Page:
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Author Topic: Light Meter & SpeedLites  (Read 6893 times)

gbchriste

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Re: Light Meter & SpeedLites
« Reply #15 on: April 08, 2013, 10:24:00 PM »
Like others said, you just can't get there with 1 or 2 speedlights in mid-day Emerald Coast sun.  Not enough power. 

I'm in Fort Walton Beach so not too far from you.  With a 430EX II in an umbrella, I usually can't start shooting on the beach until 30 to 60 minutes before sundown.

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Re: Light Meter & SpeedLites
« Reply #15 on: April 08, 2013, 10:24:00 PM »

Jamesy

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Re: Light Meter & SpeedLites
« Reply #16 on: April 08, 2013, 10:25:28 PM »
Thank you all, you've been a tremendous help, I'm going again Saturday with ND Filter in hand. Would the Tiffen 77VND 77MM VARIABLE ND FILTER be a good choice?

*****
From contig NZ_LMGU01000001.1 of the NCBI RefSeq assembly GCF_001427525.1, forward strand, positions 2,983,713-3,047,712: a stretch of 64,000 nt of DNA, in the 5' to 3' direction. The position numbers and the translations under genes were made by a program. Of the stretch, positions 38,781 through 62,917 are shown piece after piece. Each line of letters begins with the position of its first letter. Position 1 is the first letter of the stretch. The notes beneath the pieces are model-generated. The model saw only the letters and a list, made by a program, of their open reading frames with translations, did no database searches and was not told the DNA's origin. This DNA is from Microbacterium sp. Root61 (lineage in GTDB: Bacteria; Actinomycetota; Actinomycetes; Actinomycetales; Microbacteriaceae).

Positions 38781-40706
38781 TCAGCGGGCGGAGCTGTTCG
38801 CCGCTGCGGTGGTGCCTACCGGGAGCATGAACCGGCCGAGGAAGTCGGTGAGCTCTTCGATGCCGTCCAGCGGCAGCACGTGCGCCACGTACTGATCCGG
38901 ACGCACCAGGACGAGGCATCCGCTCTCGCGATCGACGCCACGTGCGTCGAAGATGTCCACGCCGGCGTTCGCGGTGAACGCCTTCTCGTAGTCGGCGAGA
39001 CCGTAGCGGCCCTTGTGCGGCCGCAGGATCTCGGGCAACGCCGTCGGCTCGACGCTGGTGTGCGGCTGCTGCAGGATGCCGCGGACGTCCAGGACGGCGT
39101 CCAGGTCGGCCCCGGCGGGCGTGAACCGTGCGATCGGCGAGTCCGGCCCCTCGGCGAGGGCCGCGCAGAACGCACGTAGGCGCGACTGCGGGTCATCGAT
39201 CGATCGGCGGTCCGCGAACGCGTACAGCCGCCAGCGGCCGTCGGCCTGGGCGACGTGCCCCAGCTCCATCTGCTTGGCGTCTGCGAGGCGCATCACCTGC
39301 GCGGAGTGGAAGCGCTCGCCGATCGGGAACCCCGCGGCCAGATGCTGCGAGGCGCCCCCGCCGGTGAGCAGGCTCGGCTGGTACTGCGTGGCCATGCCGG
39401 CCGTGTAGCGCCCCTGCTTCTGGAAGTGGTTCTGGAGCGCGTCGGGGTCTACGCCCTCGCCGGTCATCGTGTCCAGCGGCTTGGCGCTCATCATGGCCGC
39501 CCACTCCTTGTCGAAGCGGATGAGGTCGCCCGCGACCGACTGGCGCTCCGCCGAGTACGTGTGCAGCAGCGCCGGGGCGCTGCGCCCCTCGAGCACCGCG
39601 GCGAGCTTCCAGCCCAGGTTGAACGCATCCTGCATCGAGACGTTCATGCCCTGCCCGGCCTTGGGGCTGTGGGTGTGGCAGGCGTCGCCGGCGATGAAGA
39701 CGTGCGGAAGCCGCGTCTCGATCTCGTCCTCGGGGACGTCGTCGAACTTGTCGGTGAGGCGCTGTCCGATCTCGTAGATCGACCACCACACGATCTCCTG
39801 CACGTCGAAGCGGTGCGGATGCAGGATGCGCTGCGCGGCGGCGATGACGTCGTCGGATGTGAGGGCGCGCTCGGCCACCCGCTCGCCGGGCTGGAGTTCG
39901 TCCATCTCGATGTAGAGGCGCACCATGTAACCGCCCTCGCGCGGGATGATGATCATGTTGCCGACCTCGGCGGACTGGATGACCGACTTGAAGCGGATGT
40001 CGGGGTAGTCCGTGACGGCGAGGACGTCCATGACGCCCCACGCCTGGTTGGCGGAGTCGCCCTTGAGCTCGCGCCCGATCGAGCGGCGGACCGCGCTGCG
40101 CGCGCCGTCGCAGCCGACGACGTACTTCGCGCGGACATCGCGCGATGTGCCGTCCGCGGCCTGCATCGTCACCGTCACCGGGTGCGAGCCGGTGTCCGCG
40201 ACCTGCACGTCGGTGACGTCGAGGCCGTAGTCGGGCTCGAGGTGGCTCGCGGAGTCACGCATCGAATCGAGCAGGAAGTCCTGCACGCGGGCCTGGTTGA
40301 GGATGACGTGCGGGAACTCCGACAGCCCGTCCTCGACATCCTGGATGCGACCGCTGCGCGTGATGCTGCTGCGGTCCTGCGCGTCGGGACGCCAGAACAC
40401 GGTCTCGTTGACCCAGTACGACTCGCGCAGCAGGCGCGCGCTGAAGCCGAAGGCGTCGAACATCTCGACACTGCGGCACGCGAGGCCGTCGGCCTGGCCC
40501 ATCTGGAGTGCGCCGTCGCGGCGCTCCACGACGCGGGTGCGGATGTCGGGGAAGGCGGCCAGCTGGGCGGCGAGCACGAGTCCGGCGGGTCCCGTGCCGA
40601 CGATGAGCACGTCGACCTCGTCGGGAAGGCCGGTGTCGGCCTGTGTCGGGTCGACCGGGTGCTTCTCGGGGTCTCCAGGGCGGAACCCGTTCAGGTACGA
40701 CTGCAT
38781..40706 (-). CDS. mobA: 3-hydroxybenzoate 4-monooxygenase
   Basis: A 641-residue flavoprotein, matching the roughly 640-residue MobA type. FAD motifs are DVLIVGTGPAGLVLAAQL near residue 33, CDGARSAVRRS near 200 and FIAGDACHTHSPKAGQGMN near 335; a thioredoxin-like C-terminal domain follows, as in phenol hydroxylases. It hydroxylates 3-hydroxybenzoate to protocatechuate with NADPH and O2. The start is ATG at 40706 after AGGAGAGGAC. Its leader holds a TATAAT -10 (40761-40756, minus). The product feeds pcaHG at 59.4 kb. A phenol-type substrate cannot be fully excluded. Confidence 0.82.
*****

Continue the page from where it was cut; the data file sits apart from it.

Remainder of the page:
I just re-read your original post and if you did not have enough power last time and the only thing you change is adding an ND filter then you won't have enough power adding an ND - you would need more power to overcome the stops of light you would loose with the ND filter.

Is it possible to get your lights closer to your subject?

I cannot comment on the quality of a Tiffen Vari-ND. I know the Stingray's are good but they are very expensive.

MagnumJoe

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Re: Light Meter & SpeedLites
« Reply #17 on: April 08, 2013, 10:38:38 PM »